Saturday, March 12, 2011


I feel obliged to say something about the earthquake that has hit Japan, but I really don't know what. Honestly, I've never known what to say in the wake of tragedies like this, and have preferred instead to say nothing at all. This hasn't been so much out of overwhelming emotion as it has about simply feeling like I have nothing worth saying. Do I wish for the continued well being of the survivors? Offer condolences to the families of the dead? If I do, so what? What could the obvious platitudes of a distant observer possibly matter?

But for me, this is different than the Indonesian tsunami, or hurricane Katrina, or earthquakes in Haiti or New Zealand, or 9/11. I lived in Tokyo for three months. I used to walk by the skyscrapers which can now be seen swaying "like palm trees in the wind" on videos all over the internet. One of the cities I most wanted to visit was Sendai-- my M.Sc. thesis work on molecular quantum tunneling is based on research that began at Sendai's Tohoku University. Now it looks like that city, like New Orleans and Port au Prince, has been more or less destroyed. I have friends and teachers from Japan-- thankfully, though, their families seem to be alright. I was connected to all of this, in my own very minor way.

I find myself contrasting my feelings right now with how I reacted to the 9/11 attacks. Back then, I didn't have friends from New York (hell, I still don't), and to this day the closest I've ever come to the city is spending a night in Albany. Maybe that's why, in the weeks following the attack, the strongest emotion I felt regarding 9/11 was. . . irritation. I was just sick of it. I was sick of the constant news reports. I was sick of the flag waving and the fear mongering and the beating of the drums of war (of which there was plenty in even in Canada). I was sick of hearing that The World Has Changed. I was sick of the "oh! those poor souls" and "oh! what a terrible tragedy" that I kept hearing from people who, like me, had probably never been to New York or Washington, who probably didn't know anyone from those places and were falling to pieces over nothing more than images on a screen.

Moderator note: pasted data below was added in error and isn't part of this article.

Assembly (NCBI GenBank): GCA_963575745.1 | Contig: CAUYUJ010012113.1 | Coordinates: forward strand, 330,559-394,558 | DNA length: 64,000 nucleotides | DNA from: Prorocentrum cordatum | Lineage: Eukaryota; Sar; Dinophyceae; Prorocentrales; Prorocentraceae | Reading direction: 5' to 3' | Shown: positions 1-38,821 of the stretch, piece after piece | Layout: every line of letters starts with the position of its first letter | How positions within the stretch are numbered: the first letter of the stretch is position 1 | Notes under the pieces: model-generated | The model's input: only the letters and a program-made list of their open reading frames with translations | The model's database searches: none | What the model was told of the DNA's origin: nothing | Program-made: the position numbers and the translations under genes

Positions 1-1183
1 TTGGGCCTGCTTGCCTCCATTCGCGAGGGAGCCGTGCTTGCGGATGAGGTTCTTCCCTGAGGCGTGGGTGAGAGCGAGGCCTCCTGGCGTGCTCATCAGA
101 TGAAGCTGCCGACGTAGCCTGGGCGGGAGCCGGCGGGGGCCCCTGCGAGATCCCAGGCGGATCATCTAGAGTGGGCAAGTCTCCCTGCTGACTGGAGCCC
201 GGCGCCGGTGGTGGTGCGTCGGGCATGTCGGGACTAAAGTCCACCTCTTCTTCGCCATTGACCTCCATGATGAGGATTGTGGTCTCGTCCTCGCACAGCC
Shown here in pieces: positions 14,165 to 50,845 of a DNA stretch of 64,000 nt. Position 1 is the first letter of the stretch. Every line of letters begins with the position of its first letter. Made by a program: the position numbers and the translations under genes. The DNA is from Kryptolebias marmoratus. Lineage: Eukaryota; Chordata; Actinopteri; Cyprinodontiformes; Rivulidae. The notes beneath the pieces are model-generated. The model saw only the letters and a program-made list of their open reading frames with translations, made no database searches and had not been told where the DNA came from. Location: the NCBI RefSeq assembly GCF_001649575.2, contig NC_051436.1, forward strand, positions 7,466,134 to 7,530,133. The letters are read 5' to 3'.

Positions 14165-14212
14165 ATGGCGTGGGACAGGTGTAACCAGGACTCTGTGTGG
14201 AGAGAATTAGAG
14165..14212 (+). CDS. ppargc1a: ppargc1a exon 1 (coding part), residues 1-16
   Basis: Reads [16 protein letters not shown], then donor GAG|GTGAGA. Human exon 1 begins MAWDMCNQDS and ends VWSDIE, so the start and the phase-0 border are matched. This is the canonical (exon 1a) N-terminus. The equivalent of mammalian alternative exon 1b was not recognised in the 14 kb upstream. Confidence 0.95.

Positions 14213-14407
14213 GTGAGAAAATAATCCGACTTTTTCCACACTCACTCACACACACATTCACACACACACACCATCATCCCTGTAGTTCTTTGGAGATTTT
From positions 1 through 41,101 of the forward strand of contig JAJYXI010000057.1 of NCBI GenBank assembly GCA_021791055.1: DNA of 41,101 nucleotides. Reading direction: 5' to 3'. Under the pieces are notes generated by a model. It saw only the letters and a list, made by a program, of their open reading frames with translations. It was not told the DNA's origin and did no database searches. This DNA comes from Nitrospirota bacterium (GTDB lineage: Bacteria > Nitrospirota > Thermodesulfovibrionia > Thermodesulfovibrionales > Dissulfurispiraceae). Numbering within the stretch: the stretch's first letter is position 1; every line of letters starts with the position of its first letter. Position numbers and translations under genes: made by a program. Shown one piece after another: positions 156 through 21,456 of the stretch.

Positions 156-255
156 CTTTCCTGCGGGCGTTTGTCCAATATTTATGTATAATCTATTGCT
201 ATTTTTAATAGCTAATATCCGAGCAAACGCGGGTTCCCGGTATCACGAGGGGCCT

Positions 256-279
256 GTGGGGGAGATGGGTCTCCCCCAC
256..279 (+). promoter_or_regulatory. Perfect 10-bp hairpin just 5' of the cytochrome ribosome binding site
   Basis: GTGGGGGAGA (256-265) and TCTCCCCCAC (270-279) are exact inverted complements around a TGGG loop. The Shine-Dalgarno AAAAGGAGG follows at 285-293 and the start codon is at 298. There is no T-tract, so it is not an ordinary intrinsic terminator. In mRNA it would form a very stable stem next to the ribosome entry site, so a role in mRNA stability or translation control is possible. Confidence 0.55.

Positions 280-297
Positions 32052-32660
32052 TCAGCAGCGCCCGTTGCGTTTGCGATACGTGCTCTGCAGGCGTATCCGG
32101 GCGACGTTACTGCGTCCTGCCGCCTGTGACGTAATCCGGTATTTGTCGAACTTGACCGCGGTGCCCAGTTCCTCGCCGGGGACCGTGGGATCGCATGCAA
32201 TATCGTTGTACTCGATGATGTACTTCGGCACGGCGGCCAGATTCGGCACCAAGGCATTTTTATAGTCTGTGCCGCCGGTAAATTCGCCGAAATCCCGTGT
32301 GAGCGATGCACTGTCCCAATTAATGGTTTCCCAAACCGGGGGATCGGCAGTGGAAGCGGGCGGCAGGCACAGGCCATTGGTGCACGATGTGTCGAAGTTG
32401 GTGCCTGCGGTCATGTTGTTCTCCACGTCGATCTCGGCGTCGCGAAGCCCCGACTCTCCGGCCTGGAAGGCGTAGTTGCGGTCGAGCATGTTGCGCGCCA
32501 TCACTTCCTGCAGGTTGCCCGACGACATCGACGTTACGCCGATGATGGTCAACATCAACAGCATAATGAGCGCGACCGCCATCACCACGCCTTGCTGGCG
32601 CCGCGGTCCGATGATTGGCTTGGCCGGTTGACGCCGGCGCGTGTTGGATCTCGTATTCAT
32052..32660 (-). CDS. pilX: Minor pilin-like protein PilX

In other words, I was a cynical prick. A little cynicism is, and was, good thing (there are too many examples of post-9/11 irrationality to list, but one that sticks out for me is the "Death of Irony" that was supposed to have happened. . .and of course, these were pretty appalling too). But when cynicism blinds you to the fact that, maybe, just maybe, there are people out there who really do care and really are trying to help in whatever way they can. . .

Well. . . maybe I'm finally feeling the way I was supposed to ten years ago. Maybe that's what needed to be said.


Naomi said...

This was a good post. I understand your feelings, though I find this decidedly more tragic than the 9/11 attacks just given the fact that is was an unexpected natural disaster. Because of this, and my only vague association with Japan, I have found these events quite disturbing. Americans had their tragedy coming in many respects. Japan only had the misfortune of its location, which also is a part of its very existence.

Jeremy K. said...

"Americans had their tragedy coming in many respects."

I wouldn't say that. As I understand it, the only reason Bin Laden declared jihad on America in the first place was because the American military was given permission to build military bases in Saudi Arabia. That ain't exactly Pearl Harbour. If anything, Iran has far more reason to be angry at the U.S. than Bin Laden, yet immediately after 9/11, many Iranians were organizing prayers and vigils for the victims of the attacks.

But even assuming that the U.S. "deserved" the 9/11 attack for their foreign policy. . . isn't that a bit like saying the Japanese "deserved" Hiroshima because of what the Imperial Army did in places like Nanking? Did the civilians of Hiroshima deserve to be wiped out or poisoned by radiation for the actions of their government? Did the workers in the World Trade Center and the Pentagon, or the passengers in the highjacked planes, deserve to be killed for the actions of their government?

Locations of visitors to this page